There are people who had taken OpenStreetMap data and added it to for example, flight simulators. And they are creating 3-D maps out of OpenStreetMap data. You can also take external data sets like elevation, and construct more accurate representations of the earth based on OpenStreetMap 2-D data set along with the topology data.

Now as to questions about things like is OpenStreetMap something like OpenStreet view? We’ve had a couple of projects based on OpenStreetMap that have tried that. It is something that I think there is a lot of interest in. There are some technical hurdles that we need to overcome. But I do believe that if not OpenStreetMap, you will see a project like OpenStreetMap going forward that will have that.

Tim:The way that OpenStreetMap is used right now, as you say, there is this huge depth of data points that are available, but one thing I found is thatI put an OpenStreetMap in one of the many viewers that are available on my phone, and I found that it wasn’t all that satisfying. What sort of recommendations do you have if people want to use OpenStreetMap for purposes of actual day-to-day navigation—are there any tools that you recommend to people?

Serge: In regard to mobile applications, OpenStreetMap doesn’t officially create any mobile applications for displaying or navigating.What we have is we provide the geographic data set, and we allow third parties to create applications based on that. Some of those applications are proprietary. Some of those applications are free and open source. There is a variety depending on the platform you are using. Whether you are using iPhone or Android or Windows Phone there are a variety of mapping applications and a variety of navigation apps. I don’t want to make any particular recommendations because new ones come out all the time, and they are each very good at one particular thing. So my recommendation is to ask around, there are plenty of questions on Help Desk, openstreetmap.org and look at our Wiki at wiki.openstreetmap.org for recommendations, and try a few out, and see which one you like.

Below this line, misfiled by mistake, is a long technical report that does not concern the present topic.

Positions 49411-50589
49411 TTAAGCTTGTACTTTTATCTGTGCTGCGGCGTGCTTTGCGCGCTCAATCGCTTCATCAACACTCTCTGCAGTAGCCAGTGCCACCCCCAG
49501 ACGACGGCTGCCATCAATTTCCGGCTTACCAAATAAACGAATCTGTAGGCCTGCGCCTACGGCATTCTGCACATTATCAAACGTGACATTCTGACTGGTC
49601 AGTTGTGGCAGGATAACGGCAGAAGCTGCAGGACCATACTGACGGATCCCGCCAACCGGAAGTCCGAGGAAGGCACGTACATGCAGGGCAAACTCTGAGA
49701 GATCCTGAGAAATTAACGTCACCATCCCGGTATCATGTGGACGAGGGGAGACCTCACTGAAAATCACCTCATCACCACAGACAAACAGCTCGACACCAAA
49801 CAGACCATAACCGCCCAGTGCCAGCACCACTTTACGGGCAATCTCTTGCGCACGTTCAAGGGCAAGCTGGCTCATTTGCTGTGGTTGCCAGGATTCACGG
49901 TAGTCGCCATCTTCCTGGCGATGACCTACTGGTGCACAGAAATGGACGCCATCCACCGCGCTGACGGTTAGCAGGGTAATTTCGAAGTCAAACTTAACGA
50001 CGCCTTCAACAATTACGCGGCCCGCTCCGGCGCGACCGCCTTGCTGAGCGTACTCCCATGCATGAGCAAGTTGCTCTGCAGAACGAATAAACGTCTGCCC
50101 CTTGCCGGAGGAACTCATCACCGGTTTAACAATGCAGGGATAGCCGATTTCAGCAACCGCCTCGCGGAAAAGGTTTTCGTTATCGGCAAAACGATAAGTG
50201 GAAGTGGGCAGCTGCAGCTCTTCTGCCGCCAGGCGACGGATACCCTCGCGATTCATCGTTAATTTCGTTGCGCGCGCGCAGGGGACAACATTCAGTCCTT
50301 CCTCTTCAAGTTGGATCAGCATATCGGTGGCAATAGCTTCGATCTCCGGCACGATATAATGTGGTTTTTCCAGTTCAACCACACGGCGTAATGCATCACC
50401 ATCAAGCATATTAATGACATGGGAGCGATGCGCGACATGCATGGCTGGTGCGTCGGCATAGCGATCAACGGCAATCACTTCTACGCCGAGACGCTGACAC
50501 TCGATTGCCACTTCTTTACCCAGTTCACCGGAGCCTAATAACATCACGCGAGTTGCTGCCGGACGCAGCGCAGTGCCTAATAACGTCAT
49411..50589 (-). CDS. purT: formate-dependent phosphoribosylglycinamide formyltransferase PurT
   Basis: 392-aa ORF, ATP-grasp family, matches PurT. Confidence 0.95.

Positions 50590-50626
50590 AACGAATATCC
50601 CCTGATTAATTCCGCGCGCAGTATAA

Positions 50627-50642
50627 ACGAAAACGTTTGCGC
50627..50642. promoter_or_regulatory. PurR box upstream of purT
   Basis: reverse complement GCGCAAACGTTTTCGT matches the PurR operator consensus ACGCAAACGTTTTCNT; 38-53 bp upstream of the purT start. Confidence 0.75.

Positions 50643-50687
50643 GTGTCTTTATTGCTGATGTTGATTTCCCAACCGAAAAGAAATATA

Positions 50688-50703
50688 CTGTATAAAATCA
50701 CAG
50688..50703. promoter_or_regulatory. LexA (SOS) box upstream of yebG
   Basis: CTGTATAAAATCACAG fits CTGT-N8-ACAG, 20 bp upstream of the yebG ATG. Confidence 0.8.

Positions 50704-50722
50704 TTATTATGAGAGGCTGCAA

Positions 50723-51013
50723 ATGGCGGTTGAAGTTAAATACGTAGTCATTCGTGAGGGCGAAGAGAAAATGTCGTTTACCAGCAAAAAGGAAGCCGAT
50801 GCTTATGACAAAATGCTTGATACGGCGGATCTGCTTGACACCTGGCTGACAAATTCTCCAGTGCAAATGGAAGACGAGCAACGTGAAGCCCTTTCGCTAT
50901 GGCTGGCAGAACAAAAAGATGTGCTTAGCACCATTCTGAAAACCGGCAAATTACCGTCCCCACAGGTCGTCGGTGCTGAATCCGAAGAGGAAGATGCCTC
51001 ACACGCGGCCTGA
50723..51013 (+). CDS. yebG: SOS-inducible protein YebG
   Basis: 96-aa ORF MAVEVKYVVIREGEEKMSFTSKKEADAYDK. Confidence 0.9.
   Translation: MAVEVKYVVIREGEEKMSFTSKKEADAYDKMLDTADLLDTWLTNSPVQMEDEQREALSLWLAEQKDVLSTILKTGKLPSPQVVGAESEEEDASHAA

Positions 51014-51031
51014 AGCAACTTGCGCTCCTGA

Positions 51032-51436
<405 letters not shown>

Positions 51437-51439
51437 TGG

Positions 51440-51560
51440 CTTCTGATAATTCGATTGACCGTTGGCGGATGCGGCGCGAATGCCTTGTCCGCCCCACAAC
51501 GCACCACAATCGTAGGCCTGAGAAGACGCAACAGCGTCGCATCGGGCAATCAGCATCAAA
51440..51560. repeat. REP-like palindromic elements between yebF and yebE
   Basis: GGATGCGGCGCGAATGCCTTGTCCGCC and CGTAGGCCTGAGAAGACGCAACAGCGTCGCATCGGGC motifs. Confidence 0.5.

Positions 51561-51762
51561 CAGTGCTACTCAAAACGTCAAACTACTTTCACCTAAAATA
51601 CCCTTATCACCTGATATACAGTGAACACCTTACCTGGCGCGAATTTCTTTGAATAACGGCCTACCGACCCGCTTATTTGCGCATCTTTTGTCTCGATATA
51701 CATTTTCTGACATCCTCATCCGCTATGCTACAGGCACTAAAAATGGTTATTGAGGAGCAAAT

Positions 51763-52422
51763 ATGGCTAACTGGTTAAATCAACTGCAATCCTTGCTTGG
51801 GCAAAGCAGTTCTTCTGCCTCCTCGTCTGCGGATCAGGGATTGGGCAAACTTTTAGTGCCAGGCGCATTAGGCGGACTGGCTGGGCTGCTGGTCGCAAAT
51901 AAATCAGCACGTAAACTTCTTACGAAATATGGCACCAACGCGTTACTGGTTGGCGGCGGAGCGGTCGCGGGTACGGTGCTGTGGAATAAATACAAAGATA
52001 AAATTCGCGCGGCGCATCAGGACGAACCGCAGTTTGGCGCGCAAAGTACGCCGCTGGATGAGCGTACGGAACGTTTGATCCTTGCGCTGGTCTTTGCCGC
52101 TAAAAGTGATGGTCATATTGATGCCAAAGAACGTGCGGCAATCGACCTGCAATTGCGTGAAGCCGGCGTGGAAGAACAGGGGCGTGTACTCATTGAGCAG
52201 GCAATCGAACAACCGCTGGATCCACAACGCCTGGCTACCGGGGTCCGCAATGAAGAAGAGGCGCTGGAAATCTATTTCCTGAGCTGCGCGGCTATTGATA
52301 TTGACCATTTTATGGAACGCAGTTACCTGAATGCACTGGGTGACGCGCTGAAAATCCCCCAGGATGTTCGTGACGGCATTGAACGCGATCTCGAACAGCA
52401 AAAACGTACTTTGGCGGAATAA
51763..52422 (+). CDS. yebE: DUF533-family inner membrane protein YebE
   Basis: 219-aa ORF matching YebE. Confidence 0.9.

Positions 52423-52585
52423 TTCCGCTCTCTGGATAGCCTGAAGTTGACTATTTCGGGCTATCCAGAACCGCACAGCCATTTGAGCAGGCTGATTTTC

Tim:Well, Serge, what are you using? What is your typical as a power user what sort of tools do you use to interface with the project yourself?

Serge:I personally have an Android phone so I use OsmAnd for navigation. It does offline maps, so I can download a city or even a whole country at once, and use it for navigation. It even does voice navigation so it will tell you when to turn. For mapping I use a variety of applications—Jeez, I can’t remember the name of it now—but I use a variety of mapping applications for actual data collection. I use some that to collect tracks, I use photos, and I use my GPS, and I combine all that when I am actually out on the street mapping.

Tim:It seems like that there is a lot in common, it seems to me, with amateur radio, in that you can take part just by gathering some points and taking part even if you are not contributing anything significant, that is to say, ona world global scale, to adding to the data set. If people want to look at it that way, and start actually adding their own data points, where would you first send them?

Serge:So the first thing I would do if I were starting up an OpenStreetMap is I would start just by zooming into where I live, or where I work, and start looking for things that I know are there. So for example, if my favorite restaurant isn’t on OpenStreetMap I would add it. If a road doesn’t look quite right, or there is a road that’s missing, I would add that. If somebody wants something a little more structured there are applications that run on top, or that use OpenStreetMap data such as MapRoulette which is a program, it is a website that lets you look at the map, and it gives you a problem to solve, some kind of geographic issue or error in the map, you can correct that, and just keep playing and see how many of these things you can fix.

For those starting on OpenStreetMap for the first time, the way I would do it is, I would start by zooming into the area that I live or work, seeing if there was anything wrong with the map, so correcting any mistakes, but also adding anything that’s missing. So if there are stores that are missing that I frequent, restaurants, if there is a bike trail that’s missing, or even if there’s a road missing, I would start by adding that in. It is filling out features that might not be there in OpenStreetMap. We are looking for things that might be wrong, and need correcting.